Dehghan, F., Haerian, B. S., Muniandy, S., Yusof, A., Dragoo, J. L., & Salleh, N. (2014). The effect of relaxin on the musculoskeletal system. Scandinavian Journal of Medicine & Science in Sports, 24(4), e220–e229. http://doi.org/10.1111/sms.12149
Owe KM, Bjelland EK, Stuge B, Orsini N, Eberhard-Gran M, Vangen S. (4 October 2015). Exercise level before pregnancy and engaging in high-impact sports reduce the risk of pelvic girdle pain: a population-based cohort study of 39,184 women. British Journal of Sports Medicine. pii: bjsports-2015-094921. doi: 10.1136/bjsports-2015-094921. [Epub ahead of print]
Tenforde AS, Toth KE, Langen E, Fredericson M, Sainani KL. (2015 Mar). Running habits of competitive runners during pregnancy and breastfeeding. Sports Health.;7(2):172-6. doi: 10.1177/1941738114549542.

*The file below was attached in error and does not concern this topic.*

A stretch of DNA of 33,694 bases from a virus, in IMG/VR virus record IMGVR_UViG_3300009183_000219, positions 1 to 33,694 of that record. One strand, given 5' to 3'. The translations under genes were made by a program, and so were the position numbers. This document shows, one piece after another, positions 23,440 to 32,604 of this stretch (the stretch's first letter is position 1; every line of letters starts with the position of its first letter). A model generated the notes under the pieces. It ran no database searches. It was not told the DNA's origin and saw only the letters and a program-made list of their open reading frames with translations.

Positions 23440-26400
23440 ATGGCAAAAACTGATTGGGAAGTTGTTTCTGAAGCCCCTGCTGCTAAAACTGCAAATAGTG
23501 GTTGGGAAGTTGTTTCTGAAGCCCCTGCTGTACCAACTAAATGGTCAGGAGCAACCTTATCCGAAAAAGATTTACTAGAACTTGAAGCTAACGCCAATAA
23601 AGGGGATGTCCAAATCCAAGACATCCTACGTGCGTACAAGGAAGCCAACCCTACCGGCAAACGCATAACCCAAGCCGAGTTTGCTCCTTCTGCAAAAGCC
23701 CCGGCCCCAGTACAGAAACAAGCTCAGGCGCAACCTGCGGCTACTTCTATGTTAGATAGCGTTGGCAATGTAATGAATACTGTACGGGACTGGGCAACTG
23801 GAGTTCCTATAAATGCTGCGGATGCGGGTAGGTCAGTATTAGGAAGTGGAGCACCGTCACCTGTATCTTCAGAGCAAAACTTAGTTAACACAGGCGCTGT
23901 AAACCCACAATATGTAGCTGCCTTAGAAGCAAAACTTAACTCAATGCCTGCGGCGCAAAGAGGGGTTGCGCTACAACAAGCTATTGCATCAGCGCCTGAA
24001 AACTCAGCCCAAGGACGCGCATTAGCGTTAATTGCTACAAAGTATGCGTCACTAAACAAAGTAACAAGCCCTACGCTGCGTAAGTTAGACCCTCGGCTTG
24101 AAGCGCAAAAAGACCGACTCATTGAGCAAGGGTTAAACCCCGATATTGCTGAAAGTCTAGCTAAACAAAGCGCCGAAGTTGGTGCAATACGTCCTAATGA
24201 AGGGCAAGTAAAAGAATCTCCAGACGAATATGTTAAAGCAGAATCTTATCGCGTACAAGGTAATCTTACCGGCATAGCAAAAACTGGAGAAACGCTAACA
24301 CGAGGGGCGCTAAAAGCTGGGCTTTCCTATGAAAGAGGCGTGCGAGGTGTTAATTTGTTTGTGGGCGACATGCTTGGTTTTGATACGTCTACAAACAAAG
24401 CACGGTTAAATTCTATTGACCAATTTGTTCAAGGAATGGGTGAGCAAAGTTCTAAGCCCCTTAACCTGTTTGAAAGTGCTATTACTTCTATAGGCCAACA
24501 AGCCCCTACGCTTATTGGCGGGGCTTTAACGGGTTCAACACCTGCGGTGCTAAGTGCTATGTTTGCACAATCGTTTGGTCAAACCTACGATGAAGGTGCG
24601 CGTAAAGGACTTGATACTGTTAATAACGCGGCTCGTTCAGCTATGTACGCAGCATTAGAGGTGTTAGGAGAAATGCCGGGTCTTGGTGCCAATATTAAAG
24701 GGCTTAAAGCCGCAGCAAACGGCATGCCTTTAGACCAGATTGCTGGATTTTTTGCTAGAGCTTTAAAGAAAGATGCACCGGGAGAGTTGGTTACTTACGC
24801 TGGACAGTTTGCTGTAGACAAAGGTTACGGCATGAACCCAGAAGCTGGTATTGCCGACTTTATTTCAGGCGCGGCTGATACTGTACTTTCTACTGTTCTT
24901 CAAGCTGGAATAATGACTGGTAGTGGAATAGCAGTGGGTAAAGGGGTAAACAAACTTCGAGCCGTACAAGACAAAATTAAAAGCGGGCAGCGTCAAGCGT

Although awareness of pelvic rehabilitation is growing, patients who are referred for pelvic rehabilitation usually have more questions than the average patient about attending therapy. This can mean that you as a provider are burdened with a lot of phone calls or emails that go something like this: can I come to the clinic if I’m on my period? what are you going to do? are you familiar with my condition? how long will it take to get better? Consider how often these questions occur with patients who have knee pain, or headaches, and you may find that pelvic rehab is perceived by patients as quite unique from other types of rehab. How can you avoid trying to find time in your busy clinical schedule to tackle these additional communications? You can start by educating your front desk to handle patient care questions related to pelvic rehab, such as the following frequently asked questions: